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Given to him in 1994 by the International Baseball Federation (IBAF), the sport's global governing body, it is the Nobel Prize of umpiring.
Nelson flits childlike around the hallway as he shows off these prized possessions, his deep-blue Cuban Olympics travel bag, and his selection of jersey shirts adorned with tournament logos from around the world. He savors his own glory: His cell phone voicemail greeting says you have reached "the umpire Nelson Diaz." Taking a shot of Bacardi every time he declared himself "the top umpire in Cuba" in casual conversation would have you bending over Barbara's bidet-outfitted toilet in no time. And when pressed, Nelson admits that, yes, he is the best in the world, period.
He has a couple of all-encompassing codas: Never fraternize with the players. Baseball comes first, then family, then nothing else. And conversation is largely unnecessary.
Nelson, wearing a Lycra-tight T-shirt and embroidered jeans, sits with a yogi's posture on a leather couch in his sister's baroque living room as he claims he had a "very normal childhood." In two hours, he never mentions that Fidel's goons stole his father in the middle of the night. He is loathe to share his opinion on Castro or his politics, only vaguely saying, "Imagine, he was a powerful dictator for 50 years." He makes little effort to explain what made him stay in Cuba or what finally made him leave.
And, like any decent baseball star from the island, Nelson apparently fibs about his age. He claims to be 52 when simple math — by all family accounts, his father was arrested on Nelson's eighth birthday in 1962 — reveals he is at least 55.
But he does admit his greatest fear: that he will have to give up baseball. And that going from umpiring the world's most important games to bumbling high-school matches does bite at his soul.
"It's really hard for me to go from where I was to where I am now," he explains in a tumbling cadence. "But I really have nothing else to do, so I have to keep doing it. Everything I have ever done throughout my entire life has been baseball."
Nelson's wife Maritza used to have a rule when she took their daughters to watch games he was umpiring: If he flubs a call, we're going home immediately; go straight to your room and don't tempt his wrath. "His reputation was that he never made a mistake," she explains. "He tortured himself if he wasn't perfect."
In the spirit of self-flagellation, Nelson recorded and rewatched every game he worked to see if he had blown any calls. Asked to recall his most haunting mistake, Nelson, who comes alive when he recollects baseball scenarios, sets up the story the same way he does all such tales: by stating the place and year.
Pinar del Río, Cuba. 2007. The hometown Vegueros were hosting La Habana in the playoffs of the Cuban National Series, the country's equivalent of the Major Leagues. In the ninth inning, with La Habana down by one run, the team's top star, Juan Carlos Linares, tried to beat a fielder's throw home. Nelson, working the plate, perfectly placed himself to see Linares attempt to dive under the catcher's tag.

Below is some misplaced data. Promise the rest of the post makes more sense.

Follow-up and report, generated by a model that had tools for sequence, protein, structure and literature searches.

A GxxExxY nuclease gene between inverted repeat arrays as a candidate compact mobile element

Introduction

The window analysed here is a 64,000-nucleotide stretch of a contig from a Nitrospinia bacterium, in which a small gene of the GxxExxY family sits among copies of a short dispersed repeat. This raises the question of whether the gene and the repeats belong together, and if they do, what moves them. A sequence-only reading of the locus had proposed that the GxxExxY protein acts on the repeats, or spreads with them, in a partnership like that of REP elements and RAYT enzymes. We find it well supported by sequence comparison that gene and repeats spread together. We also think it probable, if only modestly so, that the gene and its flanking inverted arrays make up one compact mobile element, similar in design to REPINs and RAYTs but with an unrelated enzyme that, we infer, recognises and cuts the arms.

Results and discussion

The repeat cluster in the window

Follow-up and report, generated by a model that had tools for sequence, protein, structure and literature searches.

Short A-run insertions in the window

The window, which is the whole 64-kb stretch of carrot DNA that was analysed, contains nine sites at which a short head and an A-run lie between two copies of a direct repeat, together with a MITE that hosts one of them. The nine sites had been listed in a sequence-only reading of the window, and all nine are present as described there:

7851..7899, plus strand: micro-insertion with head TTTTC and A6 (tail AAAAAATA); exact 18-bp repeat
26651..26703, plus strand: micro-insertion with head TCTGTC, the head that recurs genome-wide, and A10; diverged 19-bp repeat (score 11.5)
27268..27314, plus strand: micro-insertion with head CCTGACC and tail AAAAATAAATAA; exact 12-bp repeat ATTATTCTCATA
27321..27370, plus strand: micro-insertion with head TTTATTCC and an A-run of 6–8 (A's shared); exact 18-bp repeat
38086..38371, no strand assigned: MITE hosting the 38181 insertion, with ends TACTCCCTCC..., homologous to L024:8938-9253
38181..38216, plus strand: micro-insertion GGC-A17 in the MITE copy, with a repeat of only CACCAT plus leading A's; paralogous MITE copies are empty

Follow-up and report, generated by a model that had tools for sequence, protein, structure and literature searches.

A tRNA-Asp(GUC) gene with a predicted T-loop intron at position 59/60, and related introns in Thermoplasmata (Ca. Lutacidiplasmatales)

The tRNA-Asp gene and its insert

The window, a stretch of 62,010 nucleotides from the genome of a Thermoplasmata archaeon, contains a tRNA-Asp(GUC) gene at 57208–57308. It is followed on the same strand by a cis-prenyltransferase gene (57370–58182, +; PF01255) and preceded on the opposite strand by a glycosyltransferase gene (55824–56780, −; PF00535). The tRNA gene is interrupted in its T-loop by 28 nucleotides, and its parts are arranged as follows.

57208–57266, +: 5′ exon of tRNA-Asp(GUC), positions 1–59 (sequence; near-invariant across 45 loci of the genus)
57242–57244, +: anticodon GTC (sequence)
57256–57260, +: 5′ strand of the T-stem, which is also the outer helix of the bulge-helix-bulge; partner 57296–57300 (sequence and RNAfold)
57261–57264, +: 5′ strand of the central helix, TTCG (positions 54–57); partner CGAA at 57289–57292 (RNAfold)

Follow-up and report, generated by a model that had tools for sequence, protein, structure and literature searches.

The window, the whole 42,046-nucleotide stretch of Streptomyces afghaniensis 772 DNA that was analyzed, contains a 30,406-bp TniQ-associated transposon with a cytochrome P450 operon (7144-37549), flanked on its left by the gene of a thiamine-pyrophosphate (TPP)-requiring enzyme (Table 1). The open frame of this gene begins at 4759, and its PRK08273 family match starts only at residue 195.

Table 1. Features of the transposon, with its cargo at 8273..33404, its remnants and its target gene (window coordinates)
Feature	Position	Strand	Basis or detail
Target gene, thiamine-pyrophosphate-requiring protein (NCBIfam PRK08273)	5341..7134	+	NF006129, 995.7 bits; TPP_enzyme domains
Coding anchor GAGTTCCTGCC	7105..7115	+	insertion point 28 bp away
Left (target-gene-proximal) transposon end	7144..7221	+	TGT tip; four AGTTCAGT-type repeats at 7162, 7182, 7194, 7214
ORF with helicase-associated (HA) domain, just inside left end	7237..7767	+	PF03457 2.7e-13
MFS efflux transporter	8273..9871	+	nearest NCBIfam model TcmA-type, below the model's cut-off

The split-second play was enveloped by a miniature dust storm kicked up by the convergence of cleats. But Nelson's brain processed it: Linares's hand missed the plate. The ump punched him out emphatically. La Habana lost that game and went on to lose the series.
That night, in front of the TV set in his living room, Nelson watched Linares's hand clearly plant itself on home plate before the catcher applied the tag. Nelson didn't eat or sleep for a week. "I was so upset," he says. "I am not going to forget that until the day I die."
He experiences flashbacks of that pit-of-the-stomach sickness when he considers the plight of Jim Joyce, the usually excellent umpire who this past June blew a no-doubter at first base to rob Detroit Tigers pitcher Armando Galarraga of a perfect game. Joyce's gaffe, as well as several other blown calls, might lead to the rise of expanded instant replay in Major League Baseball.
Checking calls with cameras would have saved Nelson from his self-imposed fast in 2007, and it would have kept Joyce's call from the ledger of baseball history's greatest mistakes. But like most umpires, Nelson is steadfastly against the rise of the machines. Expanded instant replay would mangle the "essence of the game," he says, and undermine the umpire's all-important "dominion on the field."
But Nelson heard about Joyce's controversy only from gabbing relatives. He has refused to watch professional baseball on television or in person since he defected. He even turned down New Times' offer to take him to a Florida Marlins game. He'd be busy all week, he lamented, and the next week too.
"He can't bear to watch professional games," Maritza explains. "It's too painful for him, because he feels like he should be on the field."
The Diaz men — Nelson's father Placido and sons Nelson Jr. and Noslen (yes, that's an anagram) — are like life-size superhero figurines who burst from the same brawny mold. The same hulking frames atop ballet-size feet, the same bulging eyes and gleaming foreheads. The same tics and gestures. And the same utter lack of hyperbole.